United (Online) we stand

March 25, 2010

Sorry for the silly pun. United Online (UNTD) is a conglomerate of three online companies joined at the parent level. Their first, and oldest, company is a dial-up ISP that was created when Juno and NetZero merged. Their second segment is made of Classmates Online and Mypoints.com, which is an Internet marketing loyalty service. Their latest acquisition is the online segment of FTD, the floral company.

Their FTD operations are rather interesting; floral technology has advanced considerably since the time before there was any floral technology. One visits their website (or sometimes places an order over the phone) and one gets hooked up with members of the FTD network of florists who actually handle the arrangement and delivery. United Online takes a cut of the payments as its fee and sends the rest on to the network members.

The STC Wireless Router: Floral Technology

Their social networking site, classmates.com, charges a membership fee for premium services, and also earns advertising revenue. Their mypoints.com service allows members to earn points by responding to email offers, shopping online at the mypoints.com shopping portal, and using the mypoints toolbar and other activities. Points can be redeemed for gift cards.

Their dialup ISP segment works like an ISP segment, but they also have been purchasing and rebranding DSL in some areas, which they use mainly to bribe people who are cancelling their dialup accounts.

Their dialup revenues have been on the decline, as one would expect, from $320 million in 2007 to $211 million in 2009. The more scalable classmates.com and mypoints division has been slowly increasing sales from $193 million to $236 million over the same period, but has approximately doubled earnings over that period, from $28 million to $59 million. The FTD business was acquired in the middle of 2009, but it produced $545 million in sales in 2009. Earnings for the various sectors were $77 million from FTD, $59 million from classmates.com/mypoints.com, and $70 million from the ISP segment. Then, of course, there are taxes and parent-level expenses, as well as interest from the debt taken on to acquire FTD, bringing total earnings down to $70 million. The company has a respectable P/E ratio of about 10. It also pays a healthy (especially nowadays) 5.3% dividend.

But that isn’t the full story; United Online holds significant intangible assets,  which they identify as customer accounts, customer contracts and relationships, trademarks, technology, patents, and domain names, most of which relate to the FTD purchase. The value of these assets was written up by $7.5 million between 2008 and 2009, but the firm recorded $34.8 million in amortization over the same year. Since this amortization is a non-cash expense, it is a source of additional cash flow to the owner, although presumably the asset values listed and the amortization thereof are rationally related to earnings power.

The whole intangible asset picture is a little murky particularly since the diminution in earnings power could be related to the slow economy. The firm claims that FTD sales in 4th quarter 2009 were higher than a year before, and anticipates that this will hold true for future quarters as well. The firm estimates that they will make between 26 and 31 million in capital expenditures in 2010, as against $60 million in total depreciation and amortization in 2009. At any rate, $30 million in additional cash flow drops the company’s P/E ratio from 10 to 7.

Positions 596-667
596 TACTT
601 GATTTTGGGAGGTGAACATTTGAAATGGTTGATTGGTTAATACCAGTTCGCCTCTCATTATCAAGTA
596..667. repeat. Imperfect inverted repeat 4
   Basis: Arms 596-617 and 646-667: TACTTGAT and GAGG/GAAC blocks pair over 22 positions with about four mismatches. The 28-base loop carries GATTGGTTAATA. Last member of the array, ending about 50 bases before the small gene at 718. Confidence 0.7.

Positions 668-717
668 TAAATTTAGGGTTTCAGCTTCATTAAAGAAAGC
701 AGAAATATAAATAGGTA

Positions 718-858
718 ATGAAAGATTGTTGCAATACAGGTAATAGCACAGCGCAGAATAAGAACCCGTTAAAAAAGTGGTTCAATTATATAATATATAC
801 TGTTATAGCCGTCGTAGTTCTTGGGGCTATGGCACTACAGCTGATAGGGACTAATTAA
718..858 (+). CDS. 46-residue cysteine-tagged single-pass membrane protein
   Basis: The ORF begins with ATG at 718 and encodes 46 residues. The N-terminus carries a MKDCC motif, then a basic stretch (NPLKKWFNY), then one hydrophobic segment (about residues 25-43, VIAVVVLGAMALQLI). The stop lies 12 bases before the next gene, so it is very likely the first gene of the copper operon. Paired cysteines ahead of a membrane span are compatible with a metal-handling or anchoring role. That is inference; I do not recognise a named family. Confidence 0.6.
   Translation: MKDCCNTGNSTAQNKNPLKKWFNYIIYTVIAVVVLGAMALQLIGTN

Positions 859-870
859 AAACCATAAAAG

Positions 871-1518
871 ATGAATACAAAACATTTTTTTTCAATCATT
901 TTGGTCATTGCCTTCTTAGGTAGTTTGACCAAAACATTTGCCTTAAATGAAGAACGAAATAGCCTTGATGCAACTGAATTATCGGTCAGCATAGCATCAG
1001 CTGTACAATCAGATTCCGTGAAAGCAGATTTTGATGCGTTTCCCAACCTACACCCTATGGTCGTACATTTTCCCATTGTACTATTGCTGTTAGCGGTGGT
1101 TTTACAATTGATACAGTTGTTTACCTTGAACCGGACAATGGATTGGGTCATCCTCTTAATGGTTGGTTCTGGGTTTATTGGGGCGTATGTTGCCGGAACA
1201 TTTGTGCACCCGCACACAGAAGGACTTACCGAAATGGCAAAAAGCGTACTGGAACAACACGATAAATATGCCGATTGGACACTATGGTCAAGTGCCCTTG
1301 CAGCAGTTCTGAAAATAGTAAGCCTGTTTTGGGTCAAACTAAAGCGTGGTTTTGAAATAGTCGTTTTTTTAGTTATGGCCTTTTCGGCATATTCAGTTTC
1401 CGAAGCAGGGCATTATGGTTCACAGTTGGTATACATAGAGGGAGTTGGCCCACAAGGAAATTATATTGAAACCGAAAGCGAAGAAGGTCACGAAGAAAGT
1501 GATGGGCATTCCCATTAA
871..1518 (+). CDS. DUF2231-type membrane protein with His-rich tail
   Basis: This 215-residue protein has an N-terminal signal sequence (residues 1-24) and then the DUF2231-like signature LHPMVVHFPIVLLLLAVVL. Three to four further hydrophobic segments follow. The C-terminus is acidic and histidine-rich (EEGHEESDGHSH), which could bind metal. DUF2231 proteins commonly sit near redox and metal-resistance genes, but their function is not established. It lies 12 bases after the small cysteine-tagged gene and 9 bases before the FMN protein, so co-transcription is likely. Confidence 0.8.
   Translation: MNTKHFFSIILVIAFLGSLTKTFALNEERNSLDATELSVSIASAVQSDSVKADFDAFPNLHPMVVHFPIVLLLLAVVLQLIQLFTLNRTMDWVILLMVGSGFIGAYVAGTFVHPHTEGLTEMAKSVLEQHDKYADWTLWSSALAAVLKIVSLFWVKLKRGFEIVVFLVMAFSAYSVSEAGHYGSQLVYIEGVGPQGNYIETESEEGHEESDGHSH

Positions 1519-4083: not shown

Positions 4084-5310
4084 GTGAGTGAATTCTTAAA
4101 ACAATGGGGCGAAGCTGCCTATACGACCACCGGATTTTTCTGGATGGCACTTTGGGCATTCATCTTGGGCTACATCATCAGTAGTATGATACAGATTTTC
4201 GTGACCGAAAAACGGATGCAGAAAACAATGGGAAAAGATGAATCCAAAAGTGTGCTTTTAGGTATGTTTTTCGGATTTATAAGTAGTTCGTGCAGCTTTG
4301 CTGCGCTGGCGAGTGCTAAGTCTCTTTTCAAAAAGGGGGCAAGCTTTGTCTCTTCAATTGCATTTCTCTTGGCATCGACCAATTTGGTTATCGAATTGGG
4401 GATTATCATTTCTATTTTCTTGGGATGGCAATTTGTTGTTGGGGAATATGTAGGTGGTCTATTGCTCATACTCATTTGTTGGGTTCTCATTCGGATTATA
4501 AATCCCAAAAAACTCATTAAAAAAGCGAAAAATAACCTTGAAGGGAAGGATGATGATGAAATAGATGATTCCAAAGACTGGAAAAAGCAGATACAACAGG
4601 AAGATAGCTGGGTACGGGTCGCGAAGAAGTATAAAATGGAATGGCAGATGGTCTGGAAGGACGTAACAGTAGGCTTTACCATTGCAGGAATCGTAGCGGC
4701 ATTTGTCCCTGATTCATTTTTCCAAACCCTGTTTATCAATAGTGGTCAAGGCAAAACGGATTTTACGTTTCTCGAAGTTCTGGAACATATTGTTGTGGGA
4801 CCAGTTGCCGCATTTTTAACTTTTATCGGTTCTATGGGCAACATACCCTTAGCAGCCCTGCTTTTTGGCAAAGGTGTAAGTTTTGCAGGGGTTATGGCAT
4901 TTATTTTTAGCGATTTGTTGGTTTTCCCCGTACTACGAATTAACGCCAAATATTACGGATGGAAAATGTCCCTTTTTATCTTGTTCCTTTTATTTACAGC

Furthermore, the firm listed as an expense $65 million for technology and development. As Damodaran notes, technology and development (and/or research & development in some firms) generally produces advantages to the company that last longer than the year in which the work is done. However, because these advantages are nebulous in value, accountants require that the full costs be deducted in the year the money is spent. He thinks it would be more appropriate to capitalize these expenses to produce a “research asset” that is carried on the balance sheet and that is amortized in some logical manner that is rationally related to the lifespan of the results of this research, technology, and development. But since no analyst does this, no company releases information that would tell an analyst how to do it.

United Online is better than most, though. The technology & development figure is mixed, with product development and new technology and improvements mingling promiscuously with maintenance expenses and the costs of operating the company’s Indian facility, but they do capitalize costs relating to  software and amortize the same over its useful life, generally three years. However, they only capitalize these costs once the software has reached the application development phase for internal use software, or the technologically feasible phase if the software is to be marketed outside the company, which is later than Damodaran would suggest. Curiously, the company reports only the amount of costs capitalized ($10.6 million in 2009) for the internal use software, and only the amortization ($3.7 million in 2009) of the marketable software.

At any rate, United Online produces respectable earnings and more than respectable cash flow, and as such should be a candidate for portfolio inclusion.

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